Compare any two graphics cards:
Geforce GTX 670 vs Radeon HD 6870
IntroThe Geforce GTX 670 has clock speeds of 915 MHz on the GPU, and 1500 MHz on the 2048 MB of GDDR5 memory. It features 1344 SPUs along with 112 TAUs and 32 ROPs.
Compare those specifications to the Radeon HD 6870, which features a clock frequency of 900 MHz and a GDDR5 memory frequency of 1050 MHz. It also features a 256-bit bus, and uses a 40 nm design. It is comprised of 1120 SPUs, 56 Texture Address Units, and 32 Raster Operation Units.
Power Usage and Theoretical Benchmarks
Power Consumption (Max TDP)
The Geforce GTX 670 should theoretically be a lot faster than the Radeon HD 6870 overall. (explain)
Texel RateThe Geforce GTX 670 is a lot (approximately 103%) more effective at AF than the Radeon HD 6870. (explain)
Pixel RateThe Geforce GTX 670 should be a bit (about 2%) faster with regards to anti-aliasing than the Radeon HD 6870, and also will be capable of handling higher resolutions without losing too much performance. (explain)
Please note that the above 'benchmarks' are all just theoretical - the results were calculated based on the card's specifications, and real-world performance may (and probably will) vary at least a bit.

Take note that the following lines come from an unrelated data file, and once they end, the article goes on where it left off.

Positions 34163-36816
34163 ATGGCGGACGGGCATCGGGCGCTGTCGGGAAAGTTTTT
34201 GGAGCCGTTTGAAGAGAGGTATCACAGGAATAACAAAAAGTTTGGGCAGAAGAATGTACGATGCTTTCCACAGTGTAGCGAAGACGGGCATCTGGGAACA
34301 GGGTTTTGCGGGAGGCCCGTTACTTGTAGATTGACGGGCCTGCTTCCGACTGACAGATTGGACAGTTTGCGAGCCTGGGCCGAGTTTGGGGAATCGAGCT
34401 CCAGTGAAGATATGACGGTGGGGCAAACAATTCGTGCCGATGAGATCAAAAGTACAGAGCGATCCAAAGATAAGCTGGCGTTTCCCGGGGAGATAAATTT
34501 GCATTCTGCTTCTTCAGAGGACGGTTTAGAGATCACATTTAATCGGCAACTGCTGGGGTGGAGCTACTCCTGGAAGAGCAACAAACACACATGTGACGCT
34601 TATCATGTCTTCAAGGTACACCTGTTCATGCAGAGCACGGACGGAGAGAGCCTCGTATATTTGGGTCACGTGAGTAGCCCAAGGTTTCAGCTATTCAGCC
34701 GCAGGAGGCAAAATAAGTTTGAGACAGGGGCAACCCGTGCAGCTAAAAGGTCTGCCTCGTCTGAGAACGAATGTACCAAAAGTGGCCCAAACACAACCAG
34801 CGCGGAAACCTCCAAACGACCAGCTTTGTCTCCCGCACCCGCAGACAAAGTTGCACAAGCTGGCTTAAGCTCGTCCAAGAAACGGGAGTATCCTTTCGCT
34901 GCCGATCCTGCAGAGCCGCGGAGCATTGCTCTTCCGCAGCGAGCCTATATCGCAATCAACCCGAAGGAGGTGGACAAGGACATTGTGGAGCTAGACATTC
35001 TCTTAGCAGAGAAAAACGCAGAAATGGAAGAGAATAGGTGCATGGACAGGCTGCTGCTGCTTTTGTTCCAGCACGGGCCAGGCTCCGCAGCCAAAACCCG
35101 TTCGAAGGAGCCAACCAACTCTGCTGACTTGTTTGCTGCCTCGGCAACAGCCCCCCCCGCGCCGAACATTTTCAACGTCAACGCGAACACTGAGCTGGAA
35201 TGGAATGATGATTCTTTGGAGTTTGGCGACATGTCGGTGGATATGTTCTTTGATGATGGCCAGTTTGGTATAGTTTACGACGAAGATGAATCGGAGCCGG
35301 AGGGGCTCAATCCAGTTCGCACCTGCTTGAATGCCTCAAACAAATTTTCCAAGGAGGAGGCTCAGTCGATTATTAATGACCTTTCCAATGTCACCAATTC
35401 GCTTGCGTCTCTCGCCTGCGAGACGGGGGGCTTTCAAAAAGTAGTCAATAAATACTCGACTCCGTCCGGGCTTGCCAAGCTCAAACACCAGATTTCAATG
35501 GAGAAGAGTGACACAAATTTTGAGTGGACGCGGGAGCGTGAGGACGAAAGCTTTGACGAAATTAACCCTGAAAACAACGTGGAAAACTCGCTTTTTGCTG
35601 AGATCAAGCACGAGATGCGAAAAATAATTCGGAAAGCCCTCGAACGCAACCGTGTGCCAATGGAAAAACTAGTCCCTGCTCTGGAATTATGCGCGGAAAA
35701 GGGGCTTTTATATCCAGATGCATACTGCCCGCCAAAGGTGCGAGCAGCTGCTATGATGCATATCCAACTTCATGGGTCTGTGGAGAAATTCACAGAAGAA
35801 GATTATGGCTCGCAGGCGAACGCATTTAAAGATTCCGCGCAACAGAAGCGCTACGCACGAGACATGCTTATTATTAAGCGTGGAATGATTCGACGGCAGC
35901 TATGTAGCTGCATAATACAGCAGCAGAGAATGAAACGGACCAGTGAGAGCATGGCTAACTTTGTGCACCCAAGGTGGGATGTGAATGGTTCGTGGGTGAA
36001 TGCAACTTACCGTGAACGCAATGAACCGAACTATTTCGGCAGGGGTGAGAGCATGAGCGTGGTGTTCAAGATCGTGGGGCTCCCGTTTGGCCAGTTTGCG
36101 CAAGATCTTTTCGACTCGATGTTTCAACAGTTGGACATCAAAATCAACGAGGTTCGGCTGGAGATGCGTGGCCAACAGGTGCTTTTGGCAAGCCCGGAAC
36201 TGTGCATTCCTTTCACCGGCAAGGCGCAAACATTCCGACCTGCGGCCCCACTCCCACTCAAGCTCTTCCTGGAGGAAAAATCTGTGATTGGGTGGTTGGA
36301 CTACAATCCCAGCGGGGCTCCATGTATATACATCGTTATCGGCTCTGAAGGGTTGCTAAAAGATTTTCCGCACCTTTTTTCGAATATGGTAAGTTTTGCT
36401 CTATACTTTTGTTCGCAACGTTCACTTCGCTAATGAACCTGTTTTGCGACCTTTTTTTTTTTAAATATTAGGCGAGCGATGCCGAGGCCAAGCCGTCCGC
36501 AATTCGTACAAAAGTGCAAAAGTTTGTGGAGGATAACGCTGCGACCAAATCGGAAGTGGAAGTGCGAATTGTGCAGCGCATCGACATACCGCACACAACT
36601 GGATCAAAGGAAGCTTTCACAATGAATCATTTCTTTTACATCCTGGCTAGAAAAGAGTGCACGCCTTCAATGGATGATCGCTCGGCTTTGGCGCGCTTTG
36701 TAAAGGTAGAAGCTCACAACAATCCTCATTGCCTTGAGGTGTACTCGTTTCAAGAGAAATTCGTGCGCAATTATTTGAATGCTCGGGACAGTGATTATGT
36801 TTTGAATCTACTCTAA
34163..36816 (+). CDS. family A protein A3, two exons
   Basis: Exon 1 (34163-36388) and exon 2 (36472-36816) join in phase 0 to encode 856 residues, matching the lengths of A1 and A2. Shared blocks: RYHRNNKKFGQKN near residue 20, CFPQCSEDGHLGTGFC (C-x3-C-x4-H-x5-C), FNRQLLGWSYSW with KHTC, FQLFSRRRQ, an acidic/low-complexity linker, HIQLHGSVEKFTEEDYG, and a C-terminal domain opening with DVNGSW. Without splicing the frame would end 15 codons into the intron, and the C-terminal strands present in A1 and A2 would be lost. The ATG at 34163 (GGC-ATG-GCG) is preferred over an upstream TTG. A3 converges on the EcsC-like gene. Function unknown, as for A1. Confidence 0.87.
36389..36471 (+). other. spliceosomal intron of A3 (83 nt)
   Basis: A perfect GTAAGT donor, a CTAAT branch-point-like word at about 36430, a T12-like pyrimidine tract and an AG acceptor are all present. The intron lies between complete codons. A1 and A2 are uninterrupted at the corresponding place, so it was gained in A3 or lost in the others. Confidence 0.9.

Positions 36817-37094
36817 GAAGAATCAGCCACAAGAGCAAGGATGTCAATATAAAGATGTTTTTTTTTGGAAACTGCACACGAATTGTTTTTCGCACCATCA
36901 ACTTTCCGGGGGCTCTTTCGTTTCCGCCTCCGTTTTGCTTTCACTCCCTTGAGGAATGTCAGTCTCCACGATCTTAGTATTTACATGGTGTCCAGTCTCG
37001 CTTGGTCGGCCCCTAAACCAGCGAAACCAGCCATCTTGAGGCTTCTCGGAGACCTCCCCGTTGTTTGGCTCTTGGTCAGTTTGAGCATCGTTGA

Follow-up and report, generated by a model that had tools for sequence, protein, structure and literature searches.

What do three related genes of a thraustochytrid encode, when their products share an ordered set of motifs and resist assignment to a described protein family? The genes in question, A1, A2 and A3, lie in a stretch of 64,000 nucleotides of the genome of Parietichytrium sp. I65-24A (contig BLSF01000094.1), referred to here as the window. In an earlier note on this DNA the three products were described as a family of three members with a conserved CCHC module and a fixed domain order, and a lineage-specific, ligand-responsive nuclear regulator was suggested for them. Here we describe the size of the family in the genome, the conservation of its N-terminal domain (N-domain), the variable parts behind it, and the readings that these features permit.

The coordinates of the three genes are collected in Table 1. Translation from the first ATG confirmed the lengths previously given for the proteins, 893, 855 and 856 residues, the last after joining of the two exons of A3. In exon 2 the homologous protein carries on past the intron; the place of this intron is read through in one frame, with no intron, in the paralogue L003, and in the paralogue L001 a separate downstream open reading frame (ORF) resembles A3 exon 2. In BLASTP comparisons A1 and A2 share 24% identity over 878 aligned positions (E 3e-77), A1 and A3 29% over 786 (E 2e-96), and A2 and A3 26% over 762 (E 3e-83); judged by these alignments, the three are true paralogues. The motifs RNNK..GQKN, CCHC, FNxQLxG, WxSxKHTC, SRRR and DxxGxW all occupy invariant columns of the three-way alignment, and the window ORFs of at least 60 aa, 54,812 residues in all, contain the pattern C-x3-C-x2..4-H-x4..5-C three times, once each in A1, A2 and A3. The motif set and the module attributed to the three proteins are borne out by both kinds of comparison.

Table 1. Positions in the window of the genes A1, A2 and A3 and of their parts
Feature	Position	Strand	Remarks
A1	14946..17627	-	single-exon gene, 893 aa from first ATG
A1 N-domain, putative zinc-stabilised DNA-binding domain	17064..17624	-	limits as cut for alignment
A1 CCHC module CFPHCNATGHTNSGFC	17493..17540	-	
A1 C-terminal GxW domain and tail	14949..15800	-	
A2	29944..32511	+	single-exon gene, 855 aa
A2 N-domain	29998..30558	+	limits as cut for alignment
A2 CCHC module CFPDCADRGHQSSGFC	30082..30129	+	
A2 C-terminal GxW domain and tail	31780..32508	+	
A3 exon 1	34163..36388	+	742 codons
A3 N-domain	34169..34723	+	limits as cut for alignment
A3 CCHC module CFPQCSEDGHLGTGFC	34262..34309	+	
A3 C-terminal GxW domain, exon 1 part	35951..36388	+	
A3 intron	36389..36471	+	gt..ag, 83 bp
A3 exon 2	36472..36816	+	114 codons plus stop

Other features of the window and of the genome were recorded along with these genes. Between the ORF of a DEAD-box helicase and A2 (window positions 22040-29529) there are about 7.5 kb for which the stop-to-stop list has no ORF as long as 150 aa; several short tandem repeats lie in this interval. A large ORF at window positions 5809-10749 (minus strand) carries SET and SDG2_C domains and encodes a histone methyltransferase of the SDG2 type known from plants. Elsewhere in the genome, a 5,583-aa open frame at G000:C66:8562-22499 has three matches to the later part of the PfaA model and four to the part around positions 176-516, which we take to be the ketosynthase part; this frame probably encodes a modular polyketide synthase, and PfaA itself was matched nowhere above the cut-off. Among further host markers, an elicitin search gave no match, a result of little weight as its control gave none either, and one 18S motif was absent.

Please note that the price comparisons are based on search keywords - sometimes it might show cards with very similar names that are not exactly the same as the one chosen in the comparison. We do try to filter out the wrong results as best we can, though.
Memory Bandwidth: Bandwidth is the largest amount of information (counted in MB per second) that can be moved past the external memory interface in a second. The number is calculated by multiplying the card's interface width by its memory clock speed. If it uses DDR memory, the result should be multiplied by 2 once again. If it uses DDR5, multiply by ANOTHER 2x. The better the card's memory bandwidth, the better the card will be in general. It especially helps with anti-aliasing, High Dynamic Range and higher screen resolutions.
Texel Rate: Texel rate is the maximum texture map elements (texels) that can be applied per second. This figure is calculated by multiplying the total number of texture units by the core clock speed of the chip. The higher the texel rate, the better the video card will be at texture filtering (anisotropic filtering - AF). It is measured in millions of texels processed in one second.
Pixel Rate: Pixel rate is the maximum number of pixels that the graphics chip could possibly record to its local memory in one second - measured in millions of pixels per second. Pixel rate is calculated by multiplying the number of colour ROPs by the clock speed of the card. ROPs (Raster Operations Pipelines - aka Render Output Units) are responsible for drawing the pixels (image) on the screen. The actual pixel fill rate also depends on many other factors, especially the memory bandwidth of the card - the lower the memory bandwidth is, the lower the potential to get to the maximum fill rate.